Laura Marie Feigen

PhD Student

Thesis:  Migrations from the Margin: Hebrew Manuscripts & Jewish Expulsion 1290-1500

Supervisor: Professor Alixe Bovey, FSA FRHistS  Advisor: Dr Tom Nickson 

Funded by Consortium for the Humanities and Arts South-East England (CHASE) with additional support from the Garfield Weston Foundation

This PhD thesis explores the rise in Hebrew manuscripts with marginalia (images in the margins) concurrent with the expulsion of Jews from France, Germany and Spain between 1290 and 1500, in order to understand the impact of displacement on Jewish mentalités. The project focuses on ten Hebrew manuscripts that migrated from their origins to new cities like Bologna and Lisbon before 1500. It uses the marginalia in each manuscript as a lens to examine crucial yet unanswered questions about how the manuscripts changed over time to reflect the influence of expulsion on Jewish thought, identity and ritual. In doing so, the study fills a gap in scholarship on Jewish persecution and marginalia studies which have hitherto privileged a Christian perspective. By juxtaposing the marginalia’s interpretation in their original contexts with that in the new cities, this project presents a fresh method for studying Hebrew marginalia while also giving voice to a minority often overshadowed in medieval history.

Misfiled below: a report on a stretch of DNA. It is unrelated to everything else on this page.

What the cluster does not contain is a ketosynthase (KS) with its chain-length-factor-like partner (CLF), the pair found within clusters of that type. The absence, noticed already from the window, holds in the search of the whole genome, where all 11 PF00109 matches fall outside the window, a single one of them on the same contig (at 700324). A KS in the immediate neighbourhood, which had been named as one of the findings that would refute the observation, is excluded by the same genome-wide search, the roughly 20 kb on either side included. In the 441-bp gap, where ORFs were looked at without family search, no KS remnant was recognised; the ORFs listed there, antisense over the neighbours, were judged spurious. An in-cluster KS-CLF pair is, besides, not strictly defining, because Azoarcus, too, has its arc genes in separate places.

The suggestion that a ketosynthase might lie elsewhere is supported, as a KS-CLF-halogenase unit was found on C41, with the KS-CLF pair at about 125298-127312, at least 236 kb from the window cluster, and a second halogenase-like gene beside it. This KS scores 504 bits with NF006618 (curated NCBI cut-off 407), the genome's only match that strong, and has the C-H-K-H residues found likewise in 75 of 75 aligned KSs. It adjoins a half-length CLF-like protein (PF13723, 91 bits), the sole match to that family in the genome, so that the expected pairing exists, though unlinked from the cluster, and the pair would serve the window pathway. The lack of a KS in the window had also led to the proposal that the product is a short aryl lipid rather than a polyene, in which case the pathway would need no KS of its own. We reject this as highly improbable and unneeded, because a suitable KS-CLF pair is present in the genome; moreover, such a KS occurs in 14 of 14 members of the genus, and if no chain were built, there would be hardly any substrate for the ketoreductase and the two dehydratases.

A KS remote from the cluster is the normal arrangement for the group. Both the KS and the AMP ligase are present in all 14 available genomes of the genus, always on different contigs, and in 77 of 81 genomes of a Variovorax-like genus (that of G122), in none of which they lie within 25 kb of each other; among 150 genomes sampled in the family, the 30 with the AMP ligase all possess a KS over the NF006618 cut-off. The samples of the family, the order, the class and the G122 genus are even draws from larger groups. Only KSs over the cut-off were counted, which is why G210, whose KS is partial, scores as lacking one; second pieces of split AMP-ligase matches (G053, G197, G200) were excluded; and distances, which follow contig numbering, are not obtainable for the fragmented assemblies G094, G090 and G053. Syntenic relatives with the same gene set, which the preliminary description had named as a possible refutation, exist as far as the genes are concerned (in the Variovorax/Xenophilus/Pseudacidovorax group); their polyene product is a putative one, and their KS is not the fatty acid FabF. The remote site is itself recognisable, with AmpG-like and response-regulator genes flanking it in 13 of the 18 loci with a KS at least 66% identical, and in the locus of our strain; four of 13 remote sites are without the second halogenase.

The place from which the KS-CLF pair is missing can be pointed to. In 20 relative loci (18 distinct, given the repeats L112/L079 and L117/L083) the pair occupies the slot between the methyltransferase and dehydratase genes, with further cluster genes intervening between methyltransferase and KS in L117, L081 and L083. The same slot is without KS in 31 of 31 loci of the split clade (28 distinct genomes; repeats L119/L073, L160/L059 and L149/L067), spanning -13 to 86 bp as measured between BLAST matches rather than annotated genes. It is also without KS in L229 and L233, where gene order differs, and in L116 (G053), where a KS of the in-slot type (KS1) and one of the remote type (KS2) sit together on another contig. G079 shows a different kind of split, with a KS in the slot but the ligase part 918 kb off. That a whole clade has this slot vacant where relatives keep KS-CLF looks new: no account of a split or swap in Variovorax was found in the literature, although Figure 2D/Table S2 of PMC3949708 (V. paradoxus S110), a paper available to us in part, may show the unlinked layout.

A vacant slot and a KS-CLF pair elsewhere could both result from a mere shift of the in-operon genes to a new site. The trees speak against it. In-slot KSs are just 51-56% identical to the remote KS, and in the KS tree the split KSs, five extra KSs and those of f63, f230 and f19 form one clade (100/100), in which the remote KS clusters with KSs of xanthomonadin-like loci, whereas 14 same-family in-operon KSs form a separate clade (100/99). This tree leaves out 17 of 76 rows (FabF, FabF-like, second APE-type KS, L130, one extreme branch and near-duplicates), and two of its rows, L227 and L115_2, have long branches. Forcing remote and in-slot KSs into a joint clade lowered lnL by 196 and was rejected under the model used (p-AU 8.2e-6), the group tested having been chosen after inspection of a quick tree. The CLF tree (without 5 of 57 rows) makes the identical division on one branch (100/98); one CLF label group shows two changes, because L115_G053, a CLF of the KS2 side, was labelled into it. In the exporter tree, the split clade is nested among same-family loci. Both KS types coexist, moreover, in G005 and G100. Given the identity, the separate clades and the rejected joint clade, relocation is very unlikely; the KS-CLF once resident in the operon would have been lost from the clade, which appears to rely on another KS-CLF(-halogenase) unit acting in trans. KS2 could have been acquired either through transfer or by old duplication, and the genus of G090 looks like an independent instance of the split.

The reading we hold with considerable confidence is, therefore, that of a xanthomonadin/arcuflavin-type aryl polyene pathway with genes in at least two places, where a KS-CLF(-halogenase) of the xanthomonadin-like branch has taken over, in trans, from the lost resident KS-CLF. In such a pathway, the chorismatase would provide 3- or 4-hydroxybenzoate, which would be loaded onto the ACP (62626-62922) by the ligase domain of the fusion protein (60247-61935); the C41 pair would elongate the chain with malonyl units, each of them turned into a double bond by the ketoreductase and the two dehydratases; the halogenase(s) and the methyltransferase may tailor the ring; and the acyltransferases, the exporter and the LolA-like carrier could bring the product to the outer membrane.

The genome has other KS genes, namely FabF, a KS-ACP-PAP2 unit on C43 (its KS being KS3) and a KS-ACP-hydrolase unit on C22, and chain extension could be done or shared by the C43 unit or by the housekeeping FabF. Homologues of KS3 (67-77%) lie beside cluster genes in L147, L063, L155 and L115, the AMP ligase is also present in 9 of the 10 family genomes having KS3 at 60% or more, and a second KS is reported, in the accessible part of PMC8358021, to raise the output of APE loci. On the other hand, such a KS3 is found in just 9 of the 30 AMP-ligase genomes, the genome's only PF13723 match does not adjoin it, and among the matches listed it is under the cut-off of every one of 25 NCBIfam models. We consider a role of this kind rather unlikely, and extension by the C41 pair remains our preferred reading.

Education

2019: The Courtauld Institute of Art, MA History of Art (Distinction)

2018: Stanford University, BAH History of Art (First Class Honours)

2018: Stanford University, BA Italian Language and Literature (First Class Honours)

Research Interests

  • Hebrew manuscripts from England, France, Germany, Spain, and Italy
  • Jewish-Christian relationships and Jewish experience in the Middle Ages
  • Jewish displacement and expulsion in western Europe 1290-1492
  • Marginal images (marginalia) in Hebrew and Latin manuscripts
  • Processes of Hebrew and Latin manuscript production and illumination in western Europe (13th – 15th centuries)
  • Jewish persecution and anti-Jewish sentiment across historical periods
  • Movement of people and books across time periods and geographies

Citations